harmacy services in Ireland are getting back to normal, after pharmacists were urged late last week by their Union to “to resume normal services immediately in the interests of patient safety.”

The Executive of the Irish Pharmacy Union [IPU] also said it was essential to end the industrial action in order to prevent a recurrence of recent “chaotic scenes” which occurred since many pharmacists stopped providing dispensing services under the State Drugs Schemes on August 1, in protest against cuts in their fees.

While the Health Service Executive (HSE) has described as “superbly effective” the nine contingency pharmacies set up throughout the country during the dispute, IPU president Liz Hoctor told an emergency meeting in Dublin late last week that “the idea that the Air Corps would be drafted in to support the HSE in rural Ireland or that a firm of solicitors paid for out of taxpayer’s money would be threatening legal action against pharmacists testifies to the failure of the plan.”

That failure also demonstrated clearly to the HSE and the Minister for Health and Children, Mary Harney, “the importance of pharmacists to the health services - which they obviously did not understand or appreciate,” she added.

Ms Hoctor acknowledged that some progress had been made since the strike began; for example, the Minister has assured the IPU that “she will not seek to remove a cent more than 133 million euros from the sector on foot of these cuts, and not the 169 million euros that we feared would follow,” said Ms Hoctor. Ms Harney has also agreed to conduct a review by June 30 next year of the new fees and rates for dispensing under the Schemes which she introduced on July 1, and to create a dialogue involving pharmacists on the future and developing the role of the profession. “We will engage vigorously and urgently with that process,” said Ms Hoctor.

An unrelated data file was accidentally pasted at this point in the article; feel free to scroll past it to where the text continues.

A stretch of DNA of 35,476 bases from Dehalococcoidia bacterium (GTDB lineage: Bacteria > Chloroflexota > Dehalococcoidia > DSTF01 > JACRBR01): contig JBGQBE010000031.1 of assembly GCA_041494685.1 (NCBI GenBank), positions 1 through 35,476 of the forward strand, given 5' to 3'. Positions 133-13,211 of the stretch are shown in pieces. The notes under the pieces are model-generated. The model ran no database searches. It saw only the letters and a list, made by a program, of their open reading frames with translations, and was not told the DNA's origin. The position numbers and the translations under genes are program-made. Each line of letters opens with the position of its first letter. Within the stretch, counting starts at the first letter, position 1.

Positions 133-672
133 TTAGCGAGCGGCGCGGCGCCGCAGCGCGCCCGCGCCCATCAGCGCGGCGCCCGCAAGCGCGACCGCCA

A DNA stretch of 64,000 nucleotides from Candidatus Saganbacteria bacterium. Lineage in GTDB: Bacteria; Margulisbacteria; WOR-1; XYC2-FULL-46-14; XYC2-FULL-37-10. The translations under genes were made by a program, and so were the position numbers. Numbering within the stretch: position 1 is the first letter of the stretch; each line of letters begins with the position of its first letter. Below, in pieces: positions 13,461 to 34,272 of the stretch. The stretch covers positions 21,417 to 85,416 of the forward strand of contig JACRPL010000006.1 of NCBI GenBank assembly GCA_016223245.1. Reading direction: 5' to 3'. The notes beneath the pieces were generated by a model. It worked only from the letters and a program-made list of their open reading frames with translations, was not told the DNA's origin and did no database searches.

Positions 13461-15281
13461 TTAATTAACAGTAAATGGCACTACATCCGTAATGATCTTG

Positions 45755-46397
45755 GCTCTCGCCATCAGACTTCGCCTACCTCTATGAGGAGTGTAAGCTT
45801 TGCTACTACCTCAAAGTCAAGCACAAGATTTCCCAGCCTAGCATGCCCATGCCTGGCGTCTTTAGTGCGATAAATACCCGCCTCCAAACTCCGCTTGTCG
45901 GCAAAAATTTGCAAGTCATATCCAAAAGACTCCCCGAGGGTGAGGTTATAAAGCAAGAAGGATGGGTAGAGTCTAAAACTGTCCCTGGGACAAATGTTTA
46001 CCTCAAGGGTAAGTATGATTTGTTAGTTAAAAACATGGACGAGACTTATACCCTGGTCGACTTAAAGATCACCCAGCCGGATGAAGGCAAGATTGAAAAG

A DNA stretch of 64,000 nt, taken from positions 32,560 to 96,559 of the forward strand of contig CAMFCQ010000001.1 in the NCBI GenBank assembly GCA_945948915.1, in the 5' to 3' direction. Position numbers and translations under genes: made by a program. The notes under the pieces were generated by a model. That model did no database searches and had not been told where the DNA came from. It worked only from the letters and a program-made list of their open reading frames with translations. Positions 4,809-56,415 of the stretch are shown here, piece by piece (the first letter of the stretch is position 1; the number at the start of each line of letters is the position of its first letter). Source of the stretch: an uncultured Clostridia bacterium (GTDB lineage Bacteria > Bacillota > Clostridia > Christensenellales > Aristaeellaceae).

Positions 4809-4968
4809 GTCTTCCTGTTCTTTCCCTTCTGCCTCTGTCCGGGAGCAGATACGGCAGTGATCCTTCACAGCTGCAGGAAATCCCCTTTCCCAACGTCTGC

However, she added that some of the issues which caused this dispute have not been resolved and warned that further disruption to services is almost inevitable if they are not. “The bottom line is that the cuts which the Minister has forced through will have a very real and detrimental impact on the quality of patient care which community pharmacists can provide,” she said.

Moreover, any attempt by the HSE to place obstacles in the way of any pharmacist who decides to resume normal services “will be met with a very swift response,” Ms Hoctor warned.

Late last week, the HSE confirmed that it was immediately putting in place arrangements to ensure that the pharmacies which had terminated their Community Pharmacy Contractor Agreement with the Executive could resume dispensing under the three State Drug Schemes - the General Medical Scheme (GMS), the Drug Payment Scheme (DPS) and the LTI/Mark-Up Scheme - as quickly as possible.

Meantime, yesterday’s Sunday Independent newspaper reported that pharmacies in Ireland earned almost 400 million euros in fees for dispensing under the Schemes last year. Virtually every one of Ireland’s 1,500-plus pharmacies recorded “significant increases in fee payments” during the year, with one reporting an increase 82% and 10 pharmacies together accounting for nearly 10 million euros-worth of fees, it says, quoting a new report from the HSE